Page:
• We present a study of the electronic excitations in insulating materials using an embedded- cluster method. The excited states of the embedded cluster are studied systematically using time-dependent density functional theory (TDDFT) and high-level equation-of-motion coupled cluster (EOMCC) methods. In particular, we have used EOMCC models with singles and doubles (EOMCCSD) and two approaches which account for the e®ect of triply excited con¯gurations in non-iterative and iterative fashions. We present calculations of the lowest surface excitations of the well-studied potassium bromide (KBr) system and compare our results with experiment. The bulk-surface exciton shift is also calculated at the TDDFT levelmore » and compared with experiment.« less
  • The properties of small neutral and positively charged sodium clusters and the fragmentation dynamics of Na{sup ++}{sub 4} are investigated using a simulation technique which combines classical molecular dynamics on the electronic Born--Oppenheimer ground-state potential surface with electronic structure calculations via the local spin-density functional method. Results for the optimal energies and structures of Na{sub {ital n}} and Na{sup +}{sub {ital n}} ({ital n}{le}4) are in quantitative agreement with previous studies and experimental data. Fission of Na{sup ++}{sub 4} on its ground state Born--Oppenheimer potential-energy surface, following sudden ionization of selected configurations of an Na{sup +}{sub 4} (or Na{sub 4})more » cluster, whose vibrational energy content corresponds to 300 K, is found to occur on a picosecond time scale. The preferred fission channel is found to be Na{sup +}{sub 3}+Na{sup +}, with an interfragment relative translational kinetic energy of {similar to}2 eV, and a vibrationally excited Na{sup +}{sub 3}. The dynamics of the fragmentation process is analyzed.« less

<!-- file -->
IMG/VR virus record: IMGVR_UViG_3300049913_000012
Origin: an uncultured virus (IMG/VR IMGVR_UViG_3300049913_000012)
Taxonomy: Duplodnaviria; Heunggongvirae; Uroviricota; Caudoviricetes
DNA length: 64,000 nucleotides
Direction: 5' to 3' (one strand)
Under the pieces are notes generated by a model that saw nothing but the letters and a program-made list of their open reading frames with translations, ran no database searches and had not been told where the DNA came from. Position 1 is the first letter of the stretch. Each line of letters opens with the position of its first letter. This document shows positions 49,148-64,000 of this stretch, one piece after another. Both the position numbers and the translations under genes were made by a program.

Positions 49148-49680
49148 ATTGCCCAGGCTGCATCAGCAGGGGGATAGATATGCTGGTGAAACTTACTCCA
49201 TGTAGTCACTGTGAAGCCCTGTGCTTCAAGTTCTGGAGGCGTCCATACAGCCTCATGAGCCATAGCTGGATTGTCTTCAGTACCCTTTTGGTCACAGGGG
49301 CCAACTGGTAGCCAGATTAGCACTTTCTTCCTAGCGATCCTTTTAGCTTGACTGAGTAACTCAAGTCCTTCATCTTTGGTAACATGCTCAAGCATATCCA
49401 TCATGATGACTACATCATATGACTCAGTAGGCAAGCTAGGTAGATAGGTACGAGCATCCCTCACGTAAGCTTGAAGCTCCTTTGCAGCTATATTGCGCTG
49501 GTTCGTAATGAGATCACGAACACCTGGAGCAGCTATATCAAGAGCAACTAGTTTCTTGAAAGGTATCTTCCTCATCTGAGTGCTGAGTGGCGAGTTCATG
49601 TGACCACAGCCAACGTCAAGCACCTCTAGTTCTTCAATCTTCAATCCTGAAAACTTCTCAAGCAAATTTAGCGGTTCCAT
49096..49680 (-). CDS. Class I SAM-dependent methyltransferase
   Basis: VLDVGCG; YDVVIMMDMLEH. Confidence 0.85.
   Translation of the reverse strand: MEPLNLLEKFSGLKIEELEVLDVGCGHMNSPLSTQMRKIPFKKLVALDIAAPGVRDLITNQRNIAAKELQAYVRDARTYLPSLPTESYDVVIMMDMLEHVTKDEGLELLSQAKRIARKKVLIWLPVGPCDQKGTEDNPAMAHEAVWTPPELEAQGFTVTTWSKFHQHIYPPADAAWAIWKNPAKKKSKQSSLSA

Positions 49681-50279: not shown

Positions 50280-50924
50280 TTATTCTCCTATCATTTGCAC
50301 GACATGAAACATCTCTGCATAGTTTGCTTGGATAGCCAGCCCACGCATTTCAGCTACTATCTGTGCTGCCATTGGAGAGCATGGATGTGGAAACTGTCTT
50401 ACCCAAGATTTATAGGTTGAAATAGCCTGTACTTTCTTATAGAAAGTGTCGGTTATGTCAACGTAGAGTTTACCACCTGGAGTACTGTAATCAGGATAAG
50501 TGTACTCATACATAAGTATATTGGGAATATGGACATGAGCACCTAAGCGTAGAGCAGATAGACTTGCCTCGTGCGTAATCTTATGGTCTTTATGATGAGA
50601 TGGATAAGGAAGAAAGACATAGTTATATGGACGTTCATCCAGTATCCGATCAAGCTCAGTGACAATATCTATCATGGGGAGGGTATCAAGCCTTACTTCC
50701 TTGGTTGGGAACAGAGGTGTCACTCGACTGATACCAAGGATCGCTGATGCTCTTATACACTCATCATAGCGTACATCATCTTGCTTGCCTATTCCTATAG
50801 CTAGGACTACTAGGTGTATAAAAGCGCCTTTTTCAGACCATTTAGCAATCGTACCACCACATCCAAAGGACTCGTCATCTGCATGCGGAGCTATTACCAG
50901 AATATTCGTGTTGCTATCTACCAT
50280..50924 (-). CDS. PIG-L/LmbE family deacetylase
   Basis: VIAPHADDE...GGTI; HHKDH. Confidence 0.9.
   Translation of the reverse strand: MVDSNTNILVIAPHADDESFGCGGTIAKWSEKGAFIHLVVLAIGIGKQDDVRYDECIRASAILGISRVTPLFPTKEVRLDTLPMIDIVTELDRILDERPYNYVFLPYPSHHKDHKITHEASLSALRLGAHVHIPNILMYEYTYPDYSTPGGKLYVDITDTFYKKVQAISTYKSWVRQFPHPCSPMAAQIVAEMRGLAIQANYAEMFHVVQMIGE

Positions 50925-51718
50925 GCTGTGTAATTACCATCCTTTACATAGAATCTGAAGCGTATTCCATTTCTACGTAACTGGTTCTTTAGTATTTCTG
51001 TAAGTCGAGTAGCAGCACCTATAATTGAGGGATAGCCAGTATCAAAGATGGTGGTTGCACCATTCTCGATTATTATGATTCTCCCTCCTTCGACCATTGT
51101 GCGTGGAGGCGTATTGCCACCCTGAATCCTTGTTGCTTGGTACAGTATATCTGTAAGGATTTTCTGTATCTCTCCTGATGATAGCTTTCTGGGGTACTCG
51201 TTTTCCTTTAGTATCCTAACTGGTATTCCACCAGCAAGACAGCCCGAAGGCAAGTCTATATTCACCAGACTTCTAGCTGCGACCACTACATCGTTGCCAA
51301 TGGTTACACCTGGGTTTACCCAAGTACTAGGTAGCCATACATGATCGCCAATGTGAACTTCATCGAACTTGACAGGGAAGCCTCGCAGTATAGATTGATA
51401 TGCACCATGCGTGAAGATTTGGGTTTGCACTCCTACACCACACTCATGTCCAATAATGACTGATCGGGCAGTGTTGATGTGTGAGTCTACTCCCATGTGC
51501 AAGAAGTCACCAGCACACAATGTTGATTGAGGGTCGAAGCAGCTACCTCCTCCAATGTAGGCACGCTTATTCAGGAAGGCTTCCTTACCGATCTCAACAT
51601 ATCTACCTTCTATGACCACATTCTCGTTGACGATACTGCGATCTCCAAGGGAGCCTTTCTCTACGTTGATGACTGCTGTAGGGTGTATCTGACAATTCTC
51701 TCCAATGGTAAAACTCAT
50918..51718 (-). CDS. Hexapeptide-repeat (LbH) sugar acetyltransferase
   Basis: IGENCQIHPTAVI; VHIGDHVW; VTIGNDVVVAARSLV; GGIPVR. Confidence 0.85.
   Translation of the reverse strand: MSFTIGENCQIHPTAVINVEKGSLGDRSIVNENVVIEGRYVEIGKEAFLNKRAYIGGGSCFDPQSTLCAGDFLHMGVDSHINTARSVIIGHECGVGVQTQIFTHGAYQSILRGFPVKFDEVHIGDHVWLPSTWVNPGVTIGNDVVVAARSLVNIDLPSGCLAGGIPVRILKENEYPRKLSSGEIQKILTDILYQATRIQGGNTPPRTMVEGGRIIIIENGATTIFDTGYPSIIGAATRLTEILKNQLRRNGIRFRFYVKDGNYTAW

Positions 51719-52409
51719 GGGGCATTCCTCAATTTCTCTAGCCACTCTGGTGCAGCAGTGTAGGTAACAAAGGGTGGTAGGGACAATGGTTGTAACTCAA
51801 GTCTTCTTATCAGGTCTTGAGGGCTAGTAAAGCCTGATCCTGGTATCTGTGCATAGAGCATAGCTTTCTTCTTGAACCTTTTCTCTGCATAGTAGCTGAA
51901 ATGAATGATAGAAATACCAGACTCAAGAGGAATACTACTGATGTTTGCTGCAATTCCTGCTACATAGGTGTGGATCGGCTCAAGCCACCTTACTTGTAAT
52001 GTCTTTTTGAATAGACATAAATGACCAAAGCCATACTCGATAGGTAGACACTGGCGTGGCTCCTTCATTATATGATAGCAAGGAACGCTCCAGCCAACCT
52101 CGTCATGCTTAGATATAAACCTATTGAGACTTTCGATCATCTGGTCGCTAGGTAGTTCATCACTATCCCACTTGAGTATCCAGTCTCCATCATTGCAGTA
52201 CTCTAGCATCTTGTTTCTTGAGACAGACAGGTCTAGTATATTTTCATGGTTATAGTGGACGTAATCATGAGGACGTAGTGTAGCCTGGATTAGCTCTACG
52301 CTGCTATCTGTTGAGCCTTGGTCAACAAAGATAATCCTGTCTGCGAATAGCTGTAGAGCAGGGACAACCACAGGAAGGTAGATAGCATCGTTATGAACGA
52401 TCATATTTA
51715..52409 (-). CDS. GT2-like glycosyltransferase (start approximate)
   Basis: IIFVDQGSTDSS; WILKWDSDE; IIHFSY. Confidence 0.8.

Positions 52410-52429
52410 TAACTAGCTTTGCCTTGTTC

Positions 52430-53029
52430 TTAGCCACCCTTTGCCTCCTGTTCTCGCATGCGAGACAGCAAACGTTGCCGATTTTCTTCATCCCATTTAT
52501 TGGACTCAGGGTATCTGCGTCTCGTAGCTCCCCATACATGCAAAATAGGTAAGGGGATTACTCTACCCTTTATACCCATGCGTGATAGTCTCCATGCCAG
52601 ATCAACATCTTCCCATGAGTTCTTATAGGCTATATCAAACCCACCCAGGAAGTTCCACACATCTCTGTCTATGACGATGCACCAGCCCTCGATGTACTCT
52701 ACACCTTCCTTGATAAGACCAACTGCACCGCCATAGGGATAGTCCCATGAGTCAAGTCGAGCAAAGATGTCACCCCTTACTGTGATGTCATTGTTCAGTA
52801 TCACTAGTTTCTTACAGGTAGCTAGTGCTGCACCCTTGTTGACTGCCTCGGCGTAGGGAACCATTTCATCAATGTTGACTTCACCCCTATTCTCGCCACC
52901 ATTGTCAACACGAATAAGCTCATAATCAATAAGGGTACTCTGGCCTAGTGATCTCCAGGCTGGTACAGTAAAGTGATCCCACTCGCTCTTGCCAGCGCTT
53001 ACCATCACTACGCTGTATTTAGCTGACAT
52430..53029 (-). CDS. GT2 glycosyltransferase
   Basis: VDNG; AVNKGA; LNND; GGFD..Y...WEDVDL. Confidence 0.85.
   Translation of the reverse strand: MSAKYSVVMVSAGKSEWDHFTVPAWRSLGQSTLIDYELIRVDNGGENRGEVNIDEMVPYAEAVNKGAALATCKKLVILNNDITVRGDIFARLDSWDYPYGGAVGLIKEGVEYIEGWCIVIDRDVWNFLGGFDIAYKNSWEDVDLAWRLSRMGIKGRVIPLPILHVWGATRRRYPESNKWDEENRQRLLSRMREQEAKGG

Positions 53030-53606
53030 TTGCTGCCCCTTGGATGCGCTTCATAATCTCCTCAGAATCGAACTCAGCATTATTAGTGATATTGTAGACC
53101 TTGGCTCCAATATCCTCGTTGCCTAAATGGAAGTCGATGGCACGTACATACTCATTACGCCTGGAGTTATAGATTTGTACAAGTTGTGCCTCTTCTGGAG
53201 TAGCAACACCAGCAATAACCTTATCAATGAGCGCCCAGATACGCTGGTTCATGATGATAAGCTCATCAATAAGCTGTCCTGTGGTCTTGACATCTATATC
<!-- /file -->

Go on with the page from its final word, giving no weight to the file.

• In this paper, four methods to calculate charge transfer integrals in the context of bridge-mediated electron transfer are tested. These methods are based on density functional theory (DFT). We consider two perturbative Green's function effective Hamiltonian methods (first, at the DFT level of theory, using localized molecular orbitals; second, applying a tight-binding DFT approach, using fragment orbitals) and two constrained DFT implementations with either plane-wave or local basis sets. To assess the performance of the methods for through-bond (TB)-dominated or through-space (TS)-dominated transfer, different sets of molecules are considered. For through-bond electron transfer (ET), several molecules that were originally synthesizedmore » by Paddon-Row and co-workers for the deduction of electronic coupling values from photoemission and electron transmission spectroscopies, are analyzed. The tested methodologies prove to be successful in reproducing experimental data, the exponential distance decay constant and the superbridge effects arising from interference among ET pathways. For through-space ET, dedicated p-stacked systems with heterocyclopentadiene molecules were created and analyzed on the basis of electronic coupling dependence on donor-acceptor distance, structure of the bridge, and ET barrier height. The inexpensive fragment-orbital density functional tight binding (FODFTB) method gives similar results to constrained density functional theory (CDFT) and both reproduce the expected exponential decay of the coupling with donor-acceptor distances and the number of bridging units. Finally, these four approaches appear to give reliable results for both TB and TS ET and present a good alternative to expensive ab initio methodologies for large systems involving long-range charge transfers.« less